China may soon become the world’s largest economy, but most academic research in top journals is based on U.S. data. The insights from papers on U.S. data may not automatically apply to China, since it has a unique set of institutional features, hence the need for research specific to China. At the same time, many aspects of the Chinese economy are shared by other developing as well as developed countries, such as the potential conflicts of interest between majority and minority shareholders, the prevalence of state ownership, and the intricate interactions between market mechanisms and policy interventions. Thus, the insights from papers on China may be applicable to countries far beyond China.
The Review of Finance has already published several papers on China; we have collated some of the highest-impact papers into a virtual special issue which is available here. The lead article of the July 2020 issue will be Corporate Governance in China: A Survey, which was commissioned by the editors from scratch. However, more research on the topic is necessary as our understanding of the Chinese economy remain still limited.
The Review of Finance is launching a Special Issue on China, guest edited by Zhiguo He (University of Chicago) and co-edited by Yongxiang Wang (University of Southern California, Shanghai Advanced Institute of Finance, and Associate Editor of the RF). We welcome papers on all aspects of financial economics in China, including asset pricing, capital markets, financial intermediation, corporate finance, and corporate governance (for the latter, the conclusion of the above survey suggests potential research directions). While we expect the majority of submitted papers to be empirical, we are also open to theory papers modelling issues in financial economics that are specific to China, “future of research” papers similar to the one on corporate governance, and papers involving the evaluation/certification of China data sets and giving best practice on how to manage them. (An example in a non-China context is the recent RF Spängler/IQAM Best Paper studying what are the best data sources to measure liquidity). Papers on the consequences of and responses to the coronavirus in China are also welcome, although this is only one of many topics of interest.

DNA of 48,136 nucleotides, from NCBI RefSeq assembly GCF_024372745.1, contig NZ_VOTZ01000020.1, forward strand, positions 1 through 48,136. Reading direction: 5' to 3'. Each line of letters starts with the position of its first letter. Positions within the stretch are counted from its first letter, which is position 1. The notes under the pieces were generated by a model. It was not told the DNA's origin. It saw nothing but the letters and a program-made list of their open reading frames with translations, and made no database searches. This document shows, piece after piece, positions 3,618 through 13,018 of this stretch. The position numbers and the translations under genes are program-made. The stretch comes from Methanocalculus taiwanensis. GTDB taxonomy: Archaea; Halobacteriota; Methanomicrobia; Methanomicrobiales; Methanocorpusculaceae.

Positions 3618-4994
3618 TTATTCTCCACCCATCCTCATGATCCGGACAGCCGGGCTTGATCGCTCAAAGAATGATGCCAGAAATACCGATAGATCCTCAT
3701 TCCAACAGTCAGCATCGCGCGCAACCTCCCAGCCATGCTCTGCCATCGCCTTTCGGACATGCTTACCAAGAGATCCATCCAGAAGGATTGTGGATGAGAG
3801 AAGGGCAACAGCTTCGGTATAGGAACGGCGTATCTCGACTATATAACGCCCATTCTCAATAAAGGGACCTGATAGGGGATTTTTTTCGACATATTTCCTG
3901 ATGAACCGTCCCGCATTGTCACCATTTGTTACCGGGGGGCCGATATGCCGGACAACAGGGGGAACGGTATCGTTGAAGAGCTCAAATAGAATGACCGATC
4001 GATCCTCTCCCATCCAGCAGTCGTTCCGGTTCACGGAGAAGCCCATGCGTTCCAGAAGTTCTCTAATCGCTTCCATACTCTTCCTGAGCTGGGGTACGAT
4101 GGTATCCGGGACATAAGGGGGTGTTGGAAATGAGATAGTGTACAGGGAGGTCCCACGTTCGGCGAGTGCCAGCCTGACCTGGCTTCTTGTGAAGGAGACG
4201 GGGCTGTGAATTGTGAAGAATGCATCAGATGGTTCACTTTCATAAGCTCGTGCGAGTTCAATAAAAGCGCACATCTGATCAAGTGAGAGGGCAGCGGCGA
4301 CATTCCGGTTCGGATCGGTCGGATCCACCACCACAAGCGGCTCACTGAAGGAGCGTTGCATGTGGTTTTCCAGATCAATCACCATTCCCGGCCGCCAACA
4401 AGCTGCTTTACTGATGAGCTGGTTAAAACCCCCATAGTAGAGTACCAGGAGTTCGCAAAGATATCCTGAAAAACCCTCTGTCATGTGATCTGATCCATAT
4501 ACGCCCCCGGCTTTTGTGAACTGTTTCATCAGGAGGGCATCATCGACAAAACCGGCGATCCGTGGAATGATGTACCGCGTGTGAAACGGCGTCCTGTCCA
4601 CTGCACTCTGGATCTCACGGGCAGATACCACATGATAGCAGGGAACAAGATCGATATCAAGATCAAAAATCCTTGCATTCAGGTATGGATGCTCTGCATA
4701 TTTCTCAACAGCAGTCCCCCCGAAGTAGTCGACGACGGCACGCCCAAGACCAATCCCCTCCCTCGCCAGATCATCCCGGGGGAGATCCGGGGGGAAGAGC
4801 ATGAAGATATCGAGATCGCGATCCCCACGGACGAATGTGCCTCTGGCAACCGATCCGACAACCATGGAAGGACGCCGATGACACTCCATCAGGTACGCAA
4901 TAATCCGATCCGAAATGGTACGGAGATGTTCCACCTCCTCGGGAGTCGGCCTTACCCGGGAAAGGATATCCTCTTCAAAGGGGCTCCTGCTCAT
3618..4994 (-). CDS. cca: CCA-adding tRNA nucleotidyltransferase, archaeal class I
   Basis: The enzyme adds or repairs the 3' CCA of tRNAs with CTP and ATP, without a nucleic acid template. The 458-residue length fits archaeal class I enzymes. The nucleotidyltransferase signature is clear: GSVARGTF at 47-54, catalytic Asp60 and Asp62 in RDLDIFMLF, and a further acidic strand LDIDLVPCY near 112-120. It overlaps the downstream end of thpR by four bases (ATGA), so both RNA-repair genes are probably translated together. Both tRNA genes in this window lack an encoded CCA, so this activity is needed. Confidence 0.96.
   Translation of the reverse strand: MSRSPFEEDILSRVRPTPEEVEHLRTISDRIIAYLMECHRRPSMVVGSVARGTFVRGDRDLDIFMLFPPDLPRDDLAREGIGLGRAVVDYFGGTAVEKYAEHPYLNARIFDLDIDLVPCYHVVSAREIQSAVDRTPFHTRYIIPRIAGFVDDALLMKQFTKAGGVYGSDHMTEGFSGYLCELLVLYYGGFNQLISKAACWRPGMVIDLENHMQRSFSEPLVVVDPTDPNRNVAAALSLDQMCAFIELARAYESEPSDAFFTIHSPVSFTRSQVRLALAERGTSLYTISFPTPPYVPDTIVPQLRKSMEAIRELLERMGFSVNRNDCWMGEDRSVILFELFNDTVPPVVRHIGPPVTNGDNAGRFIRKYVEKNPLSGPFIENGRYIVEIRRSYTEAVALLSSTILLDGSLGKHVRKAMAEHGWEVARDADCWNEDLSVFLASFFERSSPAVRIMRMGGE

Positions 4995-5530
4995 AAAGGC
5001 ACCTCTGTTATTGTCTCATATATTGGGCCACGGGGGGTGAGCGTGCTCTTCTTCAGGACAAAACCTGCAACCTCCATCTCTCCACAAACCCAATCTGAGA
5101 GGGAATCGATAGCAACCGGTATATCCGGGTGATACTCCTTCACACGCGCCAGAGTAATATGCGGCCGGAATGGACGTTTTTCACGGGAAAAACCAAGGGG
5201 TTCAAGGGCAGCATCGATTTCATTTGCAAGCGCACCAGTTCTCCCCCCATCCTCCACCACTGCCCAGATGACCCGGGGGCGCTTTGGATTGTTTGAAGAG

The standard for publication will be the same as for any other RF paper, which is to apply the standards of a top-three finance journal. However, as noted in the RF’s policy, this high bar applies particular weight to the importance and innovativeness of the research question (rather than only the precision of the execution). Given the relative paucity of research on China, papers on China may have particular potential to cross this bar. To ensure that editorial and refereeing resources can focus on the highest-quality papers, the standard submission fee is required, and we will desk-reject papers that are unlikely to cross the RF’s publication standard. The guest editors will have ultimate discretion on whether a paper is accepted for the special issue, i.e. they do not need to obtain approval from the RF’s editors to accept a paper (although they may seek their advice and delegate desk rejection decisions).
The submission window is from September 1, 2020 to December 31, 2020. Authors should submit papers using the standard RF submission website and select “Special Issue on China” as the “Category of Submission” in Step 2. Both Regular and Fast Track submissions will be considered. Papers will be entered into the review process as soon as they are received (i.e. the guest editors will not wait until the end of the submission window before starting the process). As per the RF’s policy, we aim to conditionally accept or reject papers by the second round. Depending on the time taken to revise and resubmit papers, we hope to publish the special issue in late 2021 or early 2022.
If feasible, given the state of the pandemic, the University of Chicago’s Becker Friedman Institute – China (of which Zhiguo He serves as Director) will hold a conference in mid-2021 for papers that have been given R&Rs, to increase the visibility of papers submitted to the Special Issue. This conference will be held at the University of Chicago, be jointly sponsored by the Review of Finance, and cover the costs of presenting authors and discussants. Authors of papers on China can feel free to submit them before the September 1, 2020 submission window. Such papers will be processed as regular submissions and be handled by the RF’s regular editors rather than the guest editors. However, at the guest editors’ discretion, papers that are given R&Rs may be invited to the conference, and papers that are eventually accepted may be published in the Special Issue rather than a regular issue.